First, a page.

Although China has stepped up production of protective equipment, efforts cannot meet soaring demand as virus spreads

UCA News reporter, Hong Kong 
February 5, 2020

Chinese citizens wear face masks to protect against the spread of the coronavirus as they check in for their Air China flight to Beijing at Los Angeles International Airport, California, on Feb. 2. (Photo: Mark Ralston/AFP)

As deaths continue to rise from the coronavirus epidemic, China faces a severe shortage of medical supplies, according to the only Catholic charity in the communist nation.

Jinde Charities, a government-registered charity, appealed to the universal Church for help in procuring medical supplies such as face masks, surgical masks, goggles and eye masks.

“There is a serious shortage of some medical supplies. As the flu has spread all over the country, hundreds of pieces of masks and protective clothing are consumed daily. Medical supplies are not just lacking but dangerously lacking,” said a message from Jinde.

The Catholic Church’s official social services agency, Caritas International, has no local partner in China like most other countries in Asia have.

Started in 1997 and officially recognized in 2006, Jinde (advancing love) does the work of Caritas, carrying out the relief work of the Church in China.

The charity’s Feb. 2 message in Chinese titled “Urgent appeal from China” said it was seeking help from the universal Church.

“So many people are desperately looking for supplies abroad. Our Catholic Church is a church preaching love,” said the message signed by Jinde official Father Zhang Shijiang.

“Can I order some medical items such as protective clothing and masks for front-line health care workers through the universal Church?” 

The message said the “urgent need for emergency treatment” has led many medical workers on the front line exposed to a “very dangerous environment.”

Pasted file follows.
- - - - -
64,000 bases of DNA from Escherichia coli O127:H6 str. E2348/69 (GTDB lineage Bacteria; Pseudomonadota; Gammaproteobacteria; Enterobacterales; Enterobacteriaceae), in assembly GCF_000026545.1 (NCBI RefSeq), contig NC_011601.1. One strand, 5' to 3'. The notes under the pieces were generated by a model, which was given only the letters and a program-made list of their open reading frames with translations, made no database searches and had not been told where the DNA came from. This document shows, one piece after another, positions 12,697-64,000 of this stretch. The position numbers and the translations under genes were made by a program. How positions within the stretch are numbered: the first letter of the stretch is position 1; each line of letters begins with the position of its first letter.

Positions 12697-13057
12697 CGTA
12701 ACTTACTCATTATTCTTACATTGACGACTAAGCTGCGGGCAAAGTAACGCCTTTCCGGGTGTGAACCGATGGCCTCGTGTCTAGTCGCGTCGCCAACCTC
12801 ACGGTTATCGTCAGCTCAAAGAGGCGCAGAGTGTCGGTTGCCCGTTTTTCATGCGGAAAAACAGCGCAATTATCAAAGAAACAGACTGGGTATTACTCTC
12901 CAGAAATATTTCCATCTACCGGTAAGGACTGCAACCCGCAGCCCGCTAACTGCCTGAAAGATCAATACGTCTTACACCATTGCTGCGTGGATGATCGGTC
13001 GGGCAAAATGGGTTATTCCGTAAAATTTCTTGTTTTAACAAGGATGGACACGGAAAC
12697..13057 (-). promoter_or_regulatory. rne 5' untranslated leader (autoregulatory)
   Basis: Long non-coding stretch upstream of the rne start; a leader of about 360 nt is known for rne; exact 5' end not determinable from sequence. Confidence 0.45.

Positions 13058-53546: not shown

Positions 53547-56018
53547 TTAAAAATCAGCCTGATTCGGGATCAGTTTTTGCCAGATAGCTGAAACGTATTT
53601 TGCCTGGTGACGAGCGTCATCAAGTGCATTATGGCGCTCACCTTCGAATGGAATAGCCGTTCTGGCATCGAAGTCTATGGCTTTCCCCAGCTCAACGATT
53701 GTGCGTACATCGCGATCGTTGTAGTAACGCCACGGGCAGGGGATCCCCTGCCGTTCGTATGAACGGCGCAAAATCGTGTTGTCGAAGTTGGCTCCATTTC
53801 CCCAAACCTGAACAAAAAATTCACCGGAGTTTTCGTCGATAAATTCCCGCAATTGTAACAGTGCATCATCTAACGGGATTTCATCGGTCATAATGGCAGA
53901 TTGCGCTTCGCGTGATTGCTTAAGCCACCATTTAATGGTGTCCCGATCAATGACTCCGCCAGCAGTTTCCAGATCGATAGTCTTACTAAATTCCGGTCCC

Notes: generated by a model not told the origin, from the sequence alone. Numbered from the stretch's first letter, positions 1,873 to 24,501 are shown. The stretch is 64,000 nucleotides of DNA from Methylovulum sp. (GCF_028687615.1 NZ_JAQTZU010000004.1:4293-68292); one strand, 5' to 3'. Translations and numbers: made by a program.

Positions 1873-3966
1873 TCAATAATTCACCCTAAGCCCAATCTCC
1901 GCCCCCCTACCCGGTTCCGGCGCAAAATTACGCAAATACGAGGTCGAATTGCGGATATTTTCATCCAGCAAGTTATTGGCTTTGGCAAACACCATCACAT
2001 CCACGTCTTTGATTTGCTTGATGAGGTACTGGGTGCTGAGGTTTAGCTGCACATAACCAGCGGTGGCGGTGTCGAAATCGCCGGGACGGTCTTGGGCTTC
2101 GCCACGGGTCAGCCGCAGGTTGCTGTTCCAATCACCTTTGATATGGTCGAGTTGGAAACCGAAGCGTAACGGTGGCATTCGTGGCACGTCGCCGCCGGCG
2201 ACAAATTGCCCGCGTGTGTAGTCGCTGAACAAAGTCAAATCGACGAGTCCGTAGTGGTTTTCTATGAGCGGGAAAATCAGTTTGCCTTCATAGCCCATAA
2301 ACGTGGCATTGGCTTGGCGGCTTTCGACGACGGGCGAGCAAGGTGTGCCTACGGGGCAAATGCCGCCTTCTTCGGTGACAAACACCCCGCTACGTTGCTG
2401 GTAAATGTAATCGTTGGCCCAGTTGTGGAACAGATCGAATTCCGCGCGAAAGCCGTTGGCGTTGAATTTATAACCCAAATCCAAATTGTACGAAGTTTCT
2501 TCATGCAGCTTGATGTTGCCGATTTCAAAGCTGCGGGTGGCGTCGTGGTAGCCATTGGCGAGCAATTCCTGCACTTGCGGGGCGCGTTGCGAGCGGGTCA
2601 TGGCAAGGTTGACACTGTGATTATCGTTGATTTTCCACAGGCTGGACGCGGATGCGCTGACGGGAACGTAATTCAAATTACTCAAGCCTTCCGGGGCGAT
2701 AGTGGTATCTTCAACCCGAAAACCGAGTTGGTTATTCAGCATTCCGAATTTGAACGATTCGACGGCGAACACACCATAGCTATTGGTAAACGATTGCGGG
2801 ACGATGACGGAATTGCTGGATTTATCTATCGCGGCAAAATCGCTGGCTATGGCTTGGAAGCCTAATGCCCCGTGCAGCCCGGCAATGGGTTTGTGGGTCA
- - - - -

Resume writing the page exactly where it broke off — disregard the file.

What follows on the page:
The deadly virus infection has claimed the lives of 490 people in mainland China and two elsewhere since the first case was reported in Wuhan city in December. More than 24,500 people are now infected and face the threat of developing choking pneumonia as the contagion continues to spread.

In addition to Wuhan, the outbreaks in Huanggang, Hubei, Wenzhou and Zhejiang are “also very serious. The number of confirmed and suspected cases of pneumonia is still on the rise, and the rescue of critically ill patients remains severe,” the message said.

Critically ill patients affected with the virus, which has no known medical cure, need nursing care and assistance. However, people assisting them need to protect themselves as the virus spreads through body fluids. 

Although China has stepped up its efforts to contain the spread of the virus with the production of protective equipment, efforts could not meet soaring demand, the message said.

Father Shijiang said the shortage of medical staff to fight the disease had also left church members agonized. 

“The helplessness and toil that I have experienced in the past few days have made me deeply experience how limited people are. This test also awakens us to pay more attention, care and help to those who face war in the future,” he said.

The Vatican has sent 700,000 medical masks to China, UCA News reported on Feb. 4.

< back                 top ^